UT San Diego
By James Chute
November 16, 2012

Whether it was Emerson, some Zen master or a self-help guru who said it, you’ve undoubtedly heard it before: what’s important is the journey and not the destination.

But in conductor Esa-Pekka Salonen and the Philharmonia’s performance of Mahler’s Symphony No. 9 Thursday at Copley Symphony Hall, it was the destination, rather than the journey, that made the most powerful impression.

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REVIEW: Esa-Pekka Salonen and Philharmonia powerful and perplexing 2014-01-27T11:00:44+00:00

As conductor and composer, Esa-Pekka Salonen is keeping classical music vital

UT San Diego
By James Chute
November 12, 2012

All Esa-Pekka Salonen wanted was for someone to fix the leaks in his house caused by an uncharacteristically wet Southern California winter. So he called a roofer. “He came to see the worst problem spots and said,’It’s actually not the roof that leaks, it’s the deck,'” recalled the former music director of the Los Angeles Philharmonic. “‘That’s why you get water in the garage. You have to call the deck man.'”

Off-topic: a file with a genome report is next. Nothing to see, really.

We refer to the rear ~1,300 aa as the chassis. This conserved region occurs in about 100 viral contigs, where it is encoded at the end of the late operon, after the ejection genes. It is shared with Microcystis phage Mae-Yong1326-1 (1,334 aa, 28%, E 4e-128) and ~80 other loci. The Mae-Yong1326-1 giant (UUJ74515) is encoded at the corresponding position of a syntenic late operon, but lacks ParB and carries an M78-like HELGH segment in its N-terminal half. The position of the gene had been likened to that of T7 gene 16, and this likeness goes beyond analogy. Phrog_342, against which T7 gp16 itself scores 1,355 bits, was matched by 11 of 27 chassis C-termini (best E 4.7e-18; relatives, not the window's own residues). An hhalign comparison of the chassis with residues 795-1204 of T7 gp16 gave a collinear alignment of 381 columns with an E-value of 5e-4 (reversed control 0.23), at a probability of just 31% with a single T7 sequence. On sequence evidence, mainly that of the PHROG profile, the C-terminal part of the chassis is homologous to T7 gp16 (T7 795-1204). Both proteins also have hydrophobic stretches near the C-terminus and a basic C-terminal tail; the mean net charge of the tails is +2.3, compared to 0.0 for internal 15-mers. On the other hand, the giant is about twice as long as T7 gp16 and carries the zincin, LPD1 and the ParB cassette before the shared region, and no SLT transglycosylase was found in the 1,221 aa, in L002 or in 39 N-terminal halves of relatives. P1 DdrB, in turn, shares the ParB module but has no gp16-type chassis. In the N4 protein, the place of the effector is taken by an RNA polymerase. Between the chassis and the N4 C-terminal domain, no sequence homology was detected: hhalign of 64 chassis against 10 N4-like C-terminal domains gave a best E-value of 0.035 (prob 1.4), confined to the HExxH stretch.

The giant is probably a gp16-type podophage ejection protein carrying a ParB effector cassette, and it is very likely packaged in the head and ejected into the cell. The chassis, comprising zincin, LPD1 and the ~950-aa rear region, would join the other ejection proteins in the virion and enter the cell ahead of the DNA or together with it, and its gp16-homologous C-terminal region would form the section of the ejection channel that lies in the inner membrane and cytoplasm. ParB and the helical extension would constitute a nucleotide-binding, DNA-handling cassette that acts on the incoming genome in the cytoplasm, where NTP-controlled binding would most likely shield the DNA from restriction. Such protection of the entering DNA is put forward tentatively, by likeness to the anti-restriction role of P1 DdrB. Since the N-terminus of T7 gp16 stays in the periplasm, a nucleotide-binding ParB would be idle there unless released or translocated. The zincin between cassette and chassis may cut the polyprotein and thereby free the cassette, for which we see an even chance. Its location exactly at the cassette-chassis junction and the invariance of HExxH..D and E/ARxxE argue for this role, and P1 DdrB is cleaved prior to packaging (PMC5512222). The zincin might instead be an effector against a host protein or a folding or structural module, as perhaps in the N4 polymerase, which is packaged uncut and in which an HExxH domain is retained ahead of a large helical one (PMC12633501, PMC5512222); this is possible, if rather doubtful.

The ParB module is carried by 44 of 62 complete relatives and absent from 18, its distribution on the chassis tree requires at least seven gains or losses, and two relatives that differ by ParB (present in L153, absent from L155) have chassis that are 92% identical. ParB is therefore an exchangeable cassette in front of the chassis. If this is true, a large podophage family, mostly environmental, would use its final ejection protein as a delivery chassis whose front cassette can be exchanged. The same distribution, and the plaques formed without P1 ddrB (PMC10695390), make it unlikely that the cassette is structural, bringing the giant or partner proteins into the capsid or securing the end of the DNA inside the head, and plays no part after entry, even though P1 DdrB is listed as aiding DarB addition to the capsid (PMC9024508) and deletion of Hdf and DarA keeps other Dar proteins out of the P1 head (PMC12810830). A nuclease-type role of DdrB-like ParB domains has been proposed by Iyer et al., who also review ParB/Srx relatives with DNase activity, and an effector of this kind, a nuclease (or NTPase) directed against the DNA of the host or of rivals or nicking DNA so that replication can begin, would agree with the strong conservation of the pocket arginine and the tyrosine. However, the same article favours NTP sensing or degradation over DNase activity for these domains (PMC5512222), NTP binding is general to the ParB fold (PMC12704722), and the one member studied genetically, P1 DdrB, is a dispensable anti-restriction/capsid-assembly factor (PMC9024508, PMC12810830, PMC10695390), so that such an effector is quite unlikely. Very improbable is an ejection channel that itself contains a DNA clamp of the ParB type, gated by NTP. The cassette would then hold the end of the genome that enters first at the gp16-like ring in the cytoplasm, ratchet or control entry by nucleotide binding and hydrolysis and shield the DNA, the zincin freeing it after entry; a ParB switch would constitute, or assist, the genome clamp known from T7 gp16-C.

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As conductor and composer, Esa-Pekka Salonen is keeping classical music vital 2014-01-27T11:00:03+00:00

REVIEW: Thibaudet in La Jolla: Debussy Hot and Debussy Cold

San Diego Story
By Ken Herman
November 3, 2012

Pianist Jean-Yves Thibaudet’s Debussy recital Friday (Nov. 2) at La Jolla’s Sherwood Auditorium was not for the timid or casual aesthete. His program was no sampler of Debussy’s greatest hits, but an elegant master class that probed the gamut of the composer’s idiom for his favored instrument.

With consummate technical prowess and uncanny insight, Thibaudet conducted a riveting class that took us through the sometimes enigmatic Second Book of 12 Preludes, two suites – “Estampes” and “Suite Bergamasque” – and the exuberant tour de force “L’isle Joyeuse.”